Maintaining discipline in a classroom of elementary school kids is seldom easy. My teacher has a number of tactics that she uses. When a couple of kids aren’t paying attention or picking at each other, she says, “I’ll wait.” She then silently pauses her lesson, the room gets quiet, and the kids that aren’t focused realize all eyes are on them and they settle down.
If things get worse and more kids “don’t have their eyes on the speaker and their mouths shut,” she’ll ask for everyone to “give her five.” That’s “code” for demanding their full attention.
Let’s remember, these are elementary school kids, and impulse control issues aren’t totally ingrained yet. (Would that impulse control issues were ingrained throughout the entire American population!) But my teacher only needs to use these tactics three or four times a day, which I think is pretty remarkable.
Much of this is due to the “essential agreement” that is reviewed as class begins. First thing every day, she reminds the kids that they are at school in order to achieve their “goals and dreams,” and that success will only come if they follow these basic rules:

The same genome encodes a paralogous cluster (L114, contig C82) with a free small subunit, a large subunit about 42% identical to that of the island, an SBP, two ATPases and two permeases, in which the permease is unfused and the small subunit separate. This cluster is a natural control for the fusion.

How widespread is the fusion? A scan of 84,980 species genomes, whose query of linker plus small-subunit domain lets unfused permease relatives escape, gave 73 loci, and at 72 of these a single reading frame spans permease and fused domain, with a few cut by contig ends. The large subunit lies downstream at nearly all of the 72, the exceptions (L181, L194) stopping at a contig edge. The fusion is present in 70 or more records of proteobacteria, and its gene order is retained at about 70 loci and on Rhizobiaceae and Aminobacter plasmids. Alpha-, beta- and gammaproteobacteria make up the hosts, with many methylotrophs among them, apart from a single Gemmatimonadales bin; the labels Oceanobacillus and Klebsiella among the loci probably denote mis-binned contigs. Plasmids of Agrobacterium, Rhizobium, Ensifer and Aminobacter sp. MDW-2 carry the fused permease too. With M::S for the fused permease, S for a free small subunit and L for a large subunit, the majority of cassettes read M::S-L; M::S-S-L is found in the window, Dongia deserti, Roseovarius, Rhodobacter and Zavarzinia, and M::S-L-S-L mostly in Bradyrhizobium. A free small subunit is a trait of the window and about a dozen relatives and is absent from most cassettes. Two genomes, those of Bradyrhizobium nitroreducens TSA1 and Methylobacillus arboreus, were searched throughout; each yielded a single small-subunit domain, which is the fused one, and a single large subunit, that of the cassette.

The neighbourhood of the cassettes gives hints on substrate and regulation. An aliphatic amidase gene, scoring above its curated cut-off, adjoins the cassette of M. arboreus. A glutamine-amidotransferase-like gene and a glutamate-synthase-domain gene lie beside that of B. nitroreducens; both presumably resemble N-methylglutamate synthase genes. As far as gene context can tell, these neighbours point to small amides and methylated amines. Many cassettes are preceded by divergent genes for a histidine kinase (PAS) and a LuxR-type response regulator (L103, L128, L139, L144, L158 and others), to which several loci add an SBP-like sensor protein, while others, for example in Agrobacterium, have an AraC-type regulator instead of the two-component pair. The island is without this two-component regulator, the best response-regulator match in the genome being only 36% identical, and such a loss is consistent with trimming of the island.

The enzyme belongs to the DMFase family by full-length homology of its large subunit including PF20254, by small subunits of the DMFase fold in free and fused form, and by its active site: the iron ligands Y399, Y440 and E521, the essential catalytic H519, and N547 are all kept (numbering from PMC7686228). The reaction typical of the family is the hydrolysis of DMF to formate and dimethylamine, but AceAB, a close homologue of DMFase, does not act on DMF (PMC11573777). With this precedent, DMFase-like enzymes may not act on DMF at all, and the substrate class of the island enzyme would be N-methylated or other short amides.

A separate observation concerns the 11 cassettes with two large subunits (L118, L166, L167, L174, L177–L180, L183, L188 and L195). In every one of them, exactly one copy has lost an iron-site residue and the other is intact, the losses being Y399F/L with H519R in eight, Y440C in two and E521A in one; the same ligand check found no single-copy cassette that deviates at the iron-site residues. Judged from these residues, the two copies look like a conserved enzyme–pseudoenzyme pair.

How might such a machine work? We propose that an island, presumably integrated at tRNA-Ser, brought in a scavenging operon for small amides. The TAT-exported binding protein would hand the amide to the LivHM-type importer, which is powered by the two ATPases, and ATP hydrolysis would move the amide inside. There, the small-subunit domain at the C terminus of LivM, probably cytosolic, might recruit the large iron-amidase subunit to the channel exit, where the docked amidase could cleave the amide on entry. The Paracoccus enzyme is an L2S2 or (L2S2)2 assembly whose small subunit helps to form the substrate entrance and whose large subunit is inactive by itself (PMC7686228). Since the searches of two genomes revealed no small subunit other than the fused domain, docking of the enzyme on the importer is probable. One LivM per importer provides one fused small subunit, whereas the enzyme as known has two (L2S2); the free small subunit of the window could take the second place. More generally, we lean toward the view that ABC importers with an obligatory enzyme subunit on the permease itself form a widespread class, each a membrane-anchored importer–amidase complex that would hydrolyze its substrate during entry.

- We follow directions the first time
- We are respectful
- We take turns
- We keep ourselves and others safe
- We care for the environment
The kids recite these rules every day, and they are a constant touchstone for their behavior. When a child doesn’t “follow directions the first time,” the teacher — or me if I’m working with the child — can say, “Remember our essential agreement, you have promised that you would follow directions and I don’t see you doing that.” Or, if they put their milk carton in the trash instead of the recycling bin, we can say that “you aren’t helping care for the environment.”
It’s kind of a contract, and it helps the kids put their behaviors in context. It ties them to the world, both inside and outside of the classroom. And isn’t that what “growing up and learning” is all about!
Robert Hodder is blogging about his first year as a volunteer with AARP Experience Corps, helping kids in a Washington, D.C., elementary school with their reading skills. AARP Experience Corps will be expanding into its 20th city, Chicago, in the 2013-14 school year and is in the process of recruiting volunteers. You can also follow Robert and his experiences on Twitter. For information on how to volunteer, please contact Patrice Gerideau at firstname.lastname@example.org.